Weekly Dose: cocaine, the glamour drug of the ’70s, is making a comeback
Cocaine is derived from the leaves of the coca plant, which is native to Central America. For thousands of years, the leaves were used by the local inhabitants such as the Incas, who chewed or made them into a tea, because of the alertness and energy they provided.
German chemist Albert Niemann eventually isolated the active ingredient in 1859 and it was named cocaine. This was the beginning of the drug’s use as a medicinal and recreational substance in Western culture.
How many people use it
Cocaine is the second most commonly used illicit substance in Australia, after marijuana. Reports of cocaine use in the 12 months to June 2017 more than doubled since 2004 – from 1% to 2.5% (or around 170,000 to 500,000 people).
The number of people who have ever used cocaine has had a similar percentage increase – from 4.7% in 2004 to 9% in 2016. Cocaine use has reached a 15-year high.
History and use over time
Cocaine gained prominence in the 1880s. Sigmund Freud broadly praised its uses, including in overcoming morphine addiction and treating depression.
Viennese ophthalmologist Carl Koller performed the first operation using cocaine as an anaesthetic on a patient with glaucoma, which led to its use as a local anaesthetic.
But, soon after, practitioners began reporting side effects. Cocaine doses were administered at such high concentrations that there were 200 cases of intoxication and 13 deaths (in around seven years) as a result.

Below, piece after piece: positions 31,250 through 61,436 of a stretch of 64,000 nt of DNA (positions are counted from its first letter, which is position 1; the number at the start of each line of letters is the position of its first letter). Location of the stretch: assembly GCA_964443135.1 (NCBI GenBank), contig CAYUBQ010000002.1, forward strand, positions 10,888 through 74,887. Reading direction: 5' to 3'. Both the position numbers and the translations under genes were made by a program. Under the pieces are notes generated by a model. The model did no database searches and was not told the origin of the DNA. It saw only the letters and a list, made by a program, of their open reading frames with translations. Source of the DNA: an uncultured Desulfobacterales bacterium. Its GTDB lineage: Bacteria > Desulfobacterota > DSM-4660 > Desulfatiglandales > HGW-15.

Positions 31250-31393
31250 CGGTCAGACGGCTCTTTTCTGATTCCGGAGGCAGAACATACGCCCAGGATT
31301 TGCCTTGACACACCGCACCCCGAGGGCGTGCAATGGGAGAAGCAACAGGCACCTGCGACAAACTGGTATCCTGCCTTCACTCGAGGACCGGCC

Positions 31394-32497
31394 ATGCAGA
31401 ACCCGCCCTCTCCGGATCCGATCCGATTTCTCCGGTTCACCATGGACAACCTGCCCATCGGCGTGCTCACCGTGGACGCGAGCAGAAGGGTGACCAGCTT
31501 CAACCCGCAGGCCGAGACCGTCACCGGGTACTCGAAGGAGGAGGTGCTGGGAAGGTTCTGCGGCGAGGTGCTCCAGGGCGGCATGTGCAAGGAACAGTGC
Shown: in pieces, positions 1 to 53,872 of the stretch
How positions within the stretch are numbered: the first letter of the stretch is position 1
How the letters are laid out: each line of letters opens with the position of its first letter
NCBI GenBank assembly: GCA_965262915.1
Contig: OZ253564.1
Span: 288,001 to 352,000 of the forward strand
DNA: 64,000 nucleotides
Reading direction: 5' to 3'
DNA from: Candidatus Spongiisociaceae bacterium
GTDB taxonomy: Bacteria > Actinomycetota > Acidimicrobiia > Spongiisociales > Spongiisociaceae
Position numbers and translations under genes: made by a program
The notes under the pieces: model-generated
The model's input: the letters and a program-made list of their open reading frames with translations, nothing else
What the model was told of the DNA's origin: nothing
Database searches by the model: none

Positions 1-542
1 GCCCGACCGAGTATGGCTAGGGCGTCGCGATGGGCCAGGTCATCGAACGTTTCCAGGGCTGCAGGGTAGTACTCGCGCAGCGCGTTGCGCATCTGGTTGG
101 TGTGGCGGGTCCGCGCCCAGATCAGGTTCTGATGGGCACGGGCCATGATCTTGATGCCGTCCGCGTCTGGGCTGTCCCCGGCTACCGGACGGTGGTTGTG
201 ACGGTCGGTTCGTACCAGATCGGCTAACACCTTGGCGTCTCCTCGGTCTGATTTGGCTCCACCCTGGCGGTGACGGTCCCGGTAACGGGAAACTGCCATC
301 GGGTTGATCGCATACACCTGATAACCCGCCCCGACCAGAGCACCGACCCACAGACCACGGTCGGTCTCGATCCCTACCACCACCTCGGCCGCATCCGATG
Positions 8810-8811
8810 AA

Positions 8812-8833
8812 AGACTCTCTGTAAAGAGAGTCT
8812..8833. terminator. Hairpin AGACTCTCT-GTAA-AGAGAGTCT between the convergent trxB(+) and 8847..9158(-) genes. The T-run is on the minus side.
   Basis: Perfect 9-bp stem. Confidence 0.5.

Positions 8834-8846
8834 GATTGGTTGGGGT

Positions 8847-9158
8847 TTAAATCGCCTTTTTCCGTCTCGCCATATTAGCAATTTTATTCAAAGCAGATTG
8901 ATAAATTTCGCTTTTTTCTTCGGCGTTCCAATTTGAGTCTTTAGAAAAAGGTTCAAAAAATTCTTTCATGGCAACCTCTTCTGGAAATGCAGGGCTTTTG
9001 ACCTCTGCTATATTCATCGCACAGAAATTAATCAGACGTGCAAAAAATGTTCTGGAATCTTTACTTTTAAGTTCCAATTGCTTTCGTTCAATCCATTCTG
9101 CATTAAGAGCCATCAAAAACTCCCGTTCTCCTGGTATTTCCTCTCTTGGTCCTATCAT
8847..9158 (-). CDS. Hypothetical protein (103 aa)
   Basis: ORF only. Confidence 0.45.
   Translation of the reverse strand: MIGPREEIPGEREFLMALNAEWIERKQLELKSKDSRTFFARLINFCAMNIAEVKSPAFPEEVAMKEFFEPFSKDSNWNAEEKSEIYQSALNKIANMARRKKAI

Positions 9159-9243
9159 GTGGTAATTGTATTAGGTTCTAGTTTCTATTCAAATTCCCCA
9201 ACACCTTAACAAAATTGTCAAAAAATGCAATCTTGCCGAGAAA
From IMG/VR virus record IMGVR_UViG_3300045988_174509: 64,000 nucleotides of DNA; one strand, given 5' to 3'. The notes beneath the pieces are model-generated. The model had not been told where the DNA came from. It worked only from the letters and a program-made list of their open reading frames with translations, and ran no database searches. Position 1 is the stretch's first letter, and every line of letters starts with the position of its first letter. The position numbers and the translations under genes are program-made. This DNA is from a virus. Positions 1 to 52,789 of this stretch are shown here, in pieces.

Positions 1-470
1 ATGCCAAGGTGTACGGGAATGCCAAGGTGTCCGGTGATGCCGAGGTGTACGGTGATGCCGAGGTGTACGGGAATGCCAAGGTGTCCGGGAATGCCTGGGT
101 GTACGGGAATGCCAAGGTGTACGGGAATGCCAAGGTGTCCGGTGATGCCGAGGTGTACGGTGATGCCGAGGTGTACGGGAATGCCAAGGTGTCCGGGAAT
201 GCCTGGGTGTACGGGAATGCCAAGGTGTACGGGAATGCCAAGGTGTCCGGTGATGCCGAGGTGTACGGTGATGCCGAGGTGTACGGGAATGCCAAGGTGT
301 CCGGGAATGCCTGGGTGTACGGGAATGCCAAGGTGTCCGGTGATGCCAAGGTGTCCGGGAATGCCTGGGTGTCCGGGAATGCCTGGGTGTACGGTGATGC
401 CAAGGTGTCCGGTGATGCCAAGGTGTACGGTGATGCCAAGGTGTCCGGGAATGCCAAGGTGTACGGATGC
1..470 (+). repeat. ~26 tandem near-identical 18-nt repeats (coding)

At the 1912 Hague International Opium Convention cocaine (and heroin) was added to the drug control treaty as problematic substance. This sparked the introduction of new drug control laws relating to cocaine in various countries.
Cocaine use decreased after this, but later experienced a surge in popularity in the 1970s, peaking in the 1980s. During this time, cocaine was associated with celebrities, high rollers and glamorous parties.
Then a new, crystallised form of cocaine (crack cocaine) was developed. Crack cocaine is processed with ammonia or baking soda, producing a solid “rock” version of the drug which could be smoked.
Not only was crack cocaine more potent, but the effects of the drug (typically after smoking) were felt faster. It was also much cheaper, which allowed it to spread quickly into poorer communities. Its use became recognised as an “epidemic” around 1985, which lasted for ten years.
Originally Published by The Conversation, continue reading here.